Sam Bowker: The Grand Tour Diary (2005 - 2006)

This is the archived journal of a 2005-2006 'Grand Tour' around the Eastern Mediterranean and along East Africa, written by Sam Bowker, whilst in search of his PhD topic.

Friday, December 02, 2005

(Upper) Egypt – Abu Simbel and Philae

Dedicated to Human Achievement

The last two days have been so loaded with major events that I’ve been procrastinating to record them in the well-filled and increasingly unwieldy diary. Don’t worry, I will eventually, and I’ve made summarized memory-jogging notes so nothing will be forgotten.

I’d like to describe just a few of the most important things from the last 48 hours.

Yesterday was the last full day in Aswan, that calm and palm-lined scenic riverbend town adorned with feluccas, a barren and hilly horizon studded with tombs, and excavated ruins amongst rocky islands. We took a flight in a small plane to Abu Simbel, deep in the southernmost deserts of Egypt. The views out over the expanses of desert sands and the shimmering surface of Lake Nasser (the 500km-long body of water created behind the Aswan High Dam) were sublime, scarred with long straight roads and completely missing the lush riverbank vegetation that characterizes the rest of the Nile. Best of all was the arrival at the airport – the plane passes over the temple complex of Abu Simbel, like something directly out of Indiana Jones.

Abu Simbel is arguably the most famous Pharonic site displaced by the second Aswan Dam. It would have been lost under 170m of water had it been left alone. Losing such a treasure – the only Pharonic temples carved completely out of a naturally occurring rock face, consisting of two sacred buildings guarded by immense statues of Rameses, his wife and the gods – would have been a serious tragedy for human cultural heritage globally. It was rescued by an enormously complex operation that cut the entire temple site into manageable cubes, re-located them at the former mountain summit high over the new water level, and positioned them almost perfectly on an artificial mountain. It was a huge international effort, one of many that saved ancient structures facing submersion.

Another of these sites was the island of Philae. This, the only known temple complex built exclusively upon an island, was entirely submerged by the first Aswan dam, completed by the British in 1902. The temple was actually left standing in the water, partially submerged, and travelers used to take boats out to glide through the colonnades. All very romantic, but terrible for conservation. In another extreme rescue operation, the temples were cut apart and rebuilt on a neighbouring island, which was landscaped to match the original as closely as records enabled. It’s a stunning place, completely free of tourist touts, and distinctly otherworldly. Loved the kiosk of Trajan in particular. We explored it at sunset, and the stones were illuminated in tones of orange, casting the hieroglyphics into brilliant contrast.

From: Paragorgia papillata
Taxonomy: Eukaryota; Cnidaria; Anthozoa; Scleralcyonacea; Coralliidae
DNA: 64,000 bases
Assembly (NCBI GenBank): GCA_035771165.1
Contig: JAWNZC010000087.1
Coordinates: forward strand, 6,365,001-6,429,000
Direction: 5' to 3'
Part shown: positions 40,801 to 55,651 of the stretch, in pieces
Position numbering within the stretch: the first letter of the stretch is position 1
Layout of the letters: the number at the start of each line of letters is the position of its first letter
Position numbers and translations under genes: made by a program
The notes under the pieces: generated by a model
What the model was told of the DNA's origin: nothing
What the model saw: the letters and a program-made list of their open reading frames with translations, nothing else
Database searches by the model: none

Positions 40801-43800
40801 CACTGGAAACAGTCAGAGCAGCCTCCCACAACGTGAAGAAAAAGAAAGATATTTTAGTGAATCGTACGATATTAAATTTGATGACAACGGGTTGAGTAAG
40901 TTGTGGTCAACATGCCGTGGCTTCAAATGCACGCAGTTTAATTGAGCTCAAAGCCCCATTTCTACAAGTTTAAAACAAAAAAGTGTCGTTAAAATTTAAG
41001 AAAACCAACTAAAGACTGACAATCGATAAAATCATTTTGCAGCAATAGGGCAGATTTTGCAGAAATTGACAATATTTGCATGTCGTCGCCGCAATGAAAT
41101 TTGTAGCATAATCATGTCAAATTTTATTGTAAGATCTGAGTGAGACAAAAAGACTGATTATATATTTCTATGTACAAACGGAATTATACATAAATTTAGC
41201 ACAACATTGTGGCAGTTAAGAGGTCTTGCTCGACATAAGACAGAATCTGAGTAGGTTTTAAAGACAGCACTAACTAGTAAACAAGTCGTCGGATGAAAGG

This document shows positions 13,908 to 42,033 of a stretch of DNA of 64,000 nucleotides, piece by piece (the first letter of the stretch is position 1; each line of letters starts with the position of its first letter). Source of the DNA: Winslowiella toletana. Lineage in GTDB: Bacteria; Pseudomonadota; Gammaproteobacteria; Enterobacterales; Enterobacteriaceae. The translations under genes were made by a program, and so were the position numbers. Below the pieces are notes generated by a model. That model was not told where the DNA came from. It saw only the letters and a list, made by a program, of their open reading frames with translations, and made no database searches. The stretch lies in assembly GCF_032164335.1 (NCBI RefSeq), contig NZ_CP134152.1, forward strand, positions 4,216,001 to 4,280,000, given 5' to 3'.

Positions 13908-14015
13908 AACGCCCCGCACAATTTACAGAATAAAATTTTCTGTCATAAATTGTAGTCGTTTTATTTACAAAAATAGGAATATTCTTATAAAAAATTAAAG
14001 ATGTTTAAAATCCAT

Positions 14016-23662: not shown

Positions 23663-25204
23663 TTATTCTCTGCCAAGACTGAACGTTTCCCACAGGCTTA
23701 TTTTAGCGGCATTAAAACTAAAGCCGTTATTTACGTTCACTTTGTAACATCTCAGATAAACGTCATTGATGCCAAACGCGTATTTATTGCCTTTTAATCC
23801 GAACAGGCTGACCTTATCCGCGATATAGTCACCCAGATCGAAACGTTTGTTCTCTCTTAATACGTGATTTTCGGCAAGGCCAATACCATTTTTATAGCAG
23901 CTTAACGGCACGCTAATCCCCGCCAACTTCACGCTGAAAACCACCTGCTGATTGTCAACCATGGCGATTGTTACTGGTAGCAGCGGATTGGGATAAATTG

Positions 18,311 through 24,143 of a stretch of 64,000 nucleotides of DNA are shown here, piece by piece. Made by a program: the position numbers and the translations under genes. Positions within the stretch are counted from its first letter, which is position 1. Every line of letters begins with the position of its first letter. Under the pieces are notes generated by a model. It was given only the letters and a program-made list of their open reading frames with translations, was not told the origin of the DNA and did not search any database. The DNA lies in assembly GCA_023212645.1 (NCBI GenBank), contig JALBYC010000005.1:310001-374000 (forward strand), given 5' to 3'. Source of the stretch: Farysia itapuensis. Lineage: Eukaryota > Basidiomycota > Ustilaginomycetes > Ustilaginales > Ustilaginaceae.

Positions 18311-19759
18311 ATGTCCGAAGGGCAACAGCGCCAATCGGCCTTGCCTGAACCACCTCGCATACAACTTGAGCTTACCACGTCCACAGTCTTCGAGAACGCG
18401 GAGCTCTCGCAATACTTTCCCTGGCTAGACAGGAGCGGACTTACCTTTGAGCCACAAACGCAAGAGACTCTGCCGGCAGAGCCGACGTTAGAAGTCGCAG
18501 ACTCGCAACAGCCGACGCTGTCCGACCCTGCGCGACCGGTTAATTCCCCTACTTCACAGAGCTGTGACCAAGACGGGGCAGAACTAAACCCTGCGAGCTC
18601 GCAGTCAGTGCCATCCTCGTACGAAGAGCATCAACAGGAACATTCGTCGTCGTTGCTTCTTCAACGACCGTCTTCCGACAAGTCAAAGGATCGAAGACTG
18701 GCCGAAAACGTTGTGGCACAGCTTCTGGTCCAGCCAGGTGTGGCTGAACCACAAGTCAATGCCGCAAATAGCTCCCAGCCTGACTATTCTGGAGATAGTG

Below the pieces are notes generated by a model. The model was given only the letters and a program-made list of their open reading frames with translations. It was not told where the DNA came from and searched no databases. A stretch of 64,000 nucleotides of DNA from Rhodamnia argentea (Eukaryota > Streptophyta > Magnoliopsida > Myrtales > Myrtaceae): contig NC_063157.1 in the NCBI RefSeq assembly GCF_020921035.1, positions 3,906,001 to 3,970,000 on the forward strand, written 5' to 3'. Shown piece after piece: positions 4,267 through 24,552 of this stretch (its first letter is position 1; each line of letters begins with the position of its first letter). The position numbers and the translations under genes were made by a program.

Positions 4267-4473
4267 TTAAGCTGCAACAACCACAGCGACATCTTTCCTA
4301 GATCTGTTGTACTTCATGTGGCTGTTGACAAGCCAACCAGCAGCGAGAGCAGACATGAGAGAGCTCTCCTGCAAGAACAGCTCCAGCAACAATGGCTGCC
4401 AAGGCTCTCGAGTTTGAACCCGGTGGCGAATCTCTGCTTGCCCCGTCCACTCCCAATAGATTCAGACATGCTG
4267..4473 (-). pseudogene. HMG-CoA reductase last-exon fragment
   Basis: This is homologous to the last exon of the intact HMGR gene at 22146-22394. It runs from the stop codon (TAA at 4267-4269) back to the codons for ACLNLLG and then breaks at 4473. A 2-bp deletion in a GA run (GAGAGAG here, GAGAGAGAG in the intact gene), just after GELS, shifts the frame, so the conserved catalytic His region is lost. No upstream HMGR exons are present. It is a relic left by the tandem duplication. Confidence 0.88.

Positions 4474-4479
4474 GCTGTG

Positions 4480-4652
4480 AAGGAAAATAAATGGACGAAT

The entire story of Abu Simbel is one of human achievement. You can put a positive spin on the entire thing – two amazing civilizations capable of great feats of engineering, leadership and architecture, both utterly dependent on each other for survival (Modern Egypt needs tourism based on ancient Egypt, ancient Egypt would be long destroyed if not preserved deliberately), and yet separated by immense gulfs of time. The destruction of Nubian culture and property was contrasted by meeting entrepreneurs bringing Nubian domestic architecture to the tourist industry, whose ambitions and passion for their cultural heritage were palpable. The ongoing impact of the dam is still to be realised – it has changed weather patterns, provided much-needed “clean” electricity, and was once another symbol of international co-operation, even though it began with a fanfare of warfare.

I do not intend to keep you here for too much longer. Suffice to say the evening was spent chugging a motorboat down the island-strewn Nile at night, with no moon but just enough light to cast shadows in tones of blue and grey. The scent of the river was organic, alive, but delicate and distinctive to itself. The air was warm, perfect with the breeze, and there was a superb sense of timelessness to the entire setting. We ate an excellent local fish dinner at a restaurant run by an unusually interesting chap, who brought our attention to the phosphorescent sand dunes alongside the Nile. These eerie dunes feature shadows cast as if by trees halfway up their slopes – so they are bright on the top and dark beneath – but there is no reason why there should be any shadows upon them at all. During daylight these lines are invisible. It is a very strange phenomenon.


Post a Comment

<< Home